Never one to mince words, Apogee's Jason Bloom said quite categorically that manufacturers who ignore the affordable products for the glory-making flagships need their heads examined. 'Who wants another #40,000 speaker?' he asked, eyes raised skyward. Studying the world economy and the contraction of the hi-fi market, he decided that the next Apogee model would come in at the bottom of the range. At the 1989 Chicago CES, the company unveiled the diminutive Stage, and I swear I heard sighs of relief from the retailers in attendance.
The Stage isn't my 'truly proletarian' Apogee, which is something which would sell for below four figures; I'd like to see it if only to keep the anti-high-enders among you off my case. That
speaker is still on the drawing board. The Stage, meanwhile, is still costly at #2350 but not quite so unattainable, so the down-pricing policy (following Duetta, then Caliper) is continuing as planned. But there are two other features of the Stage which make it more appealing to a wider UK audience than its dearer siblings.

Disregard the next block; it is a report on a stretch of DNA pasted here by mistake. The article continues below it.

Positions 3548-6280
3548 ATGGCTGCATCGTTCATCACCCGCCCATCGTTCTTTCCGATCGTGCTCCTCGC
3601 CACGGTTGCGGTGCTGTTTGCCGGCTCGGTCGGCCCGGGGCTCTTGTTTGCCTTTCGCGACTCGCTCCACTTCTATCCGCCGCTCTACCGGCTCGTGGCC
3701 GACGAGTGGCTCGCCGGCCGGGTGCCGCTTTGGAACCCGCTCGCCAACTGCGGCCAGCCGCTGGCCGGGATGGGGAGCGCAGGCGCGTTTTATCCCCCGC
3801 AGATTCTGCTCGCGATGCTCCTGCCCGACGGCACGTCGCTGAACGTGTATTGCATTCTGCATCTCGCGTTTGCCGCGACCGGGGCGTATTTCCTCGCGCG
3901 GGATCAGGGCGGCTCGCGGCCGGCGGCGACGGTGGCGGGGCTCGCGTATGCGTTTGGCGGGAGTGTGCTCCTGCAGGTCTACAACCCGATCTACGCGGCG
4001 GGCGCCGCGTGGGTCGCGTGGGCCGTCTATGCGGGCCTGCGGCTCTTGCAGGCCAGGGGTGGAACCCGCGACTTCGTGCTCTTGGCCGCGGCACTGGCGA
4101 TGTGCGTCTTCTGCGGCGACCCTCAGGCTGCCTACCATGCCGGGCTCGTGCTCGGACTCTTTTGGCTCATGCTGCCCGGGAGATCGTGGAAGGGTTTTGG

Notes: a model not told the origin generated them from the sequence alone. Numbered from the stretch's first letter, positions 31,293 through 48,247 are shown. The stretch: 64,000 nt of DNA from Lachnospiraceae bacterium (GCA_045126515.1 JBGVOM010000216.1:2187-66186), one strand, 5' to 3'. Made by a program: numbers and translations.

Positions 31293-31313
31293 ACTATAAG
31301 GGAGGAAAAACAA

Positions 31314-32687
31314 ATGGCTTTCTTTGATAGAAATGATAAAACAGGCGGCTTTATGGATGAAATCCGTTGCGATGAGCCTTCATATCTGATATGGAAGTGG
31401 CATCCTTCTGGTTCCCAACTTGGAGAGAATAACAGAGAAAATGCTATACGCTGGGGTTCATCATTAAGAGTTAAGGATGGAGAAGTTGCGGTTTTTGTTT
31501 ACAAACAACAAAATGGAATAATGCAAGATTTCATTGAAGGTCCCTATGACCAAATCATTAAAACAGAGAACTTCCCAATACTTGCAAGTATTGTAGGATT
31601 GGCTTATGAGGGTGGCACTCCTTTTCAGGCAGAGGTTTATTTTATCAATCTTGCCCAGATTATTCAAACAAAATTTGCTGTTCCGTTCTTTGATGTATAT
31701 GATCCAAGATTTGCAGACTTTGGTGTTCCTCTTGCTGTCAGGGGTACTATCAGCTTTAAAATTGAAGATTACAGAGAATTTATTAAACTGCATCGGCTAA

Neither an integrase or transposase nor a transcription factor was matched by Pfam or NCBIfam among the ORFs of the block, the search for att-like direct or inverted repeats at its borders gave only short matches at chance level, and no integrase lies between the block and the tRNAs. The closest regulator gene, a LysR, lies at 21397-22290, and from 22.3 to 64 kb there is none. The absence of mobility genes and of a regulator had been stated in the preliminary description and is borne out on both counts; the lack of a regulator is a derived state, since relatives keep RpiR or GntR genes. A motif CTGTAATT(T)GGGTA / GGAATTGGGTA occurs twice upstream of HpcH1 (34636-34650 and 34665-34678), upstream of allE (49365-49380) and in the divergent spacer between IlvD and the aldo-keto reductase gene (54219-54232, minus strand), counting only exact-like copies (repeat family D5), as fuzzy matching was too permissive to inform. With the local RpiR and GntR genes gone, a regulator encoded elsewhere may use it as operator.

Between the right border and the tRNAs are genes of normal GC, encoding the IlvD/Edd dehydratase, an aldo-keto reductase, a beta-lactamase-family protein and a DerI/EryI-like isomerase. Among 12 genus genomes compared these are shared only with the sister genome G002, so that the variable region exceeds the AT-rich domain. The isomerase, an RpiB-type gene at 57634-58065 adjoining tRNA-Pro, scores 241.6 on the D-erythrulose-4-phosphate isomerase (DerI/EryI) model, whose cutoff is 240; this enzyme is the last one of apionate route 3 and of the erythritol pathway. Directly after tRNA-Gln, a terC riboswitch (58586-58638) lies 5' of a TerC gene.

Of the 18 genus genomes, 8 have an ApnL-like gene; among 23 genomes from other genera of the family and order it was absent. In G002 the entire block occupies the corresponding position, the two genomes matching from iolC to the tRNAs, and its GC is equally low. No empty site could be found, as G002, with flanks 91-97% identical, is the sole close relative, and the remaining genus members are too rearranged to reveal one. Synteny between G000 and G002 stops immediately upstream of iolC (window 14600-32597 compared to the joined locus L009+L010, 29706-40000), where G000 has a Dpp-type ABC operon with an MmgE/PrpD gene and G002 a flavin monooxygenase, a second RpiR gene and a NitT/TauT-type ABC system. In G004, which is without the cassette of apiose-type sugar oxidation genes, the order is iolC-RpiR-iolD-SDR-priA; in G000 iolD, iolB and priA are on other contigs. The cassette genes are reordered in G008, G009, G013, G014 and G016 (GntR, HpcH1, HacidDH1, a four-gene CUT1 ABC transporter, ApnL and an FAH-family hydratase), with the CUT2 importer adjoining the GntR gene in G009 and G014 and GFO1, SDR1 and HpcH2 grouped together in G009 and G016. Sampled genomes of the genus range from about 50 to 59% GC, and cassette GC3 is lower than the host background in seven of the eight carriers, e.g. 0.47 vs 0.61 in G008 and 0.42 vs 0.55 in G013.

The most obvious of these features is the size, the Stage being even smaller than the Quad ESL 63. I mention that speaker specifically because it is the UK's premier panel speaker, it
sells in great numbers in this home market of allegedly tiny rooms and nobody �ever� bitches about its size. The Stage measures a mere 37 1/2in tall by 26in (at its widest point), the panel
itself being a couple of inches thick. Yes, it takes up more space than certain box-type systems because it must be placed a few feet into the room, but a pox on those who wheel out the old
analogy about the monolith in �2001�. This speaker is nothing short of 'cute', and all that the word implies. [Note: to those who have never heard American as she is spoke: 'Cute' can also mean 'cheeky', but 'cheeky' doesn't have the aesthetic implications of 'cute', as in 'the Andrex Puppies'.]
The other feature, one which saves money, is the amplifier matching requirement. No longer must you consider an amplifier capable of arc welding. The Stage was conceived as a product to mate with 'a good 50-watter' (read: an amp that costs less than the speaker itself) and I've confirmed this by running the Stages with the Aragon 4004, my venerable Beard P100s (valves into an Apogee!!!!), the Solen Tiger and others. Reports from the field suggest wonderful pairings with the Counterpoint SA-12 and its recent replacement, and I'd expect that myriad affordable power amps from the likes of Musical Fidelity, Naim, Exposure, Hafler, Adcom, B&K, Muse and others would serve as nicely.
What this means is that the Stage needn't be approached as in the manner of the earlier Apogees, in that you had to double the price tag to include the amplifiers. You're still looking at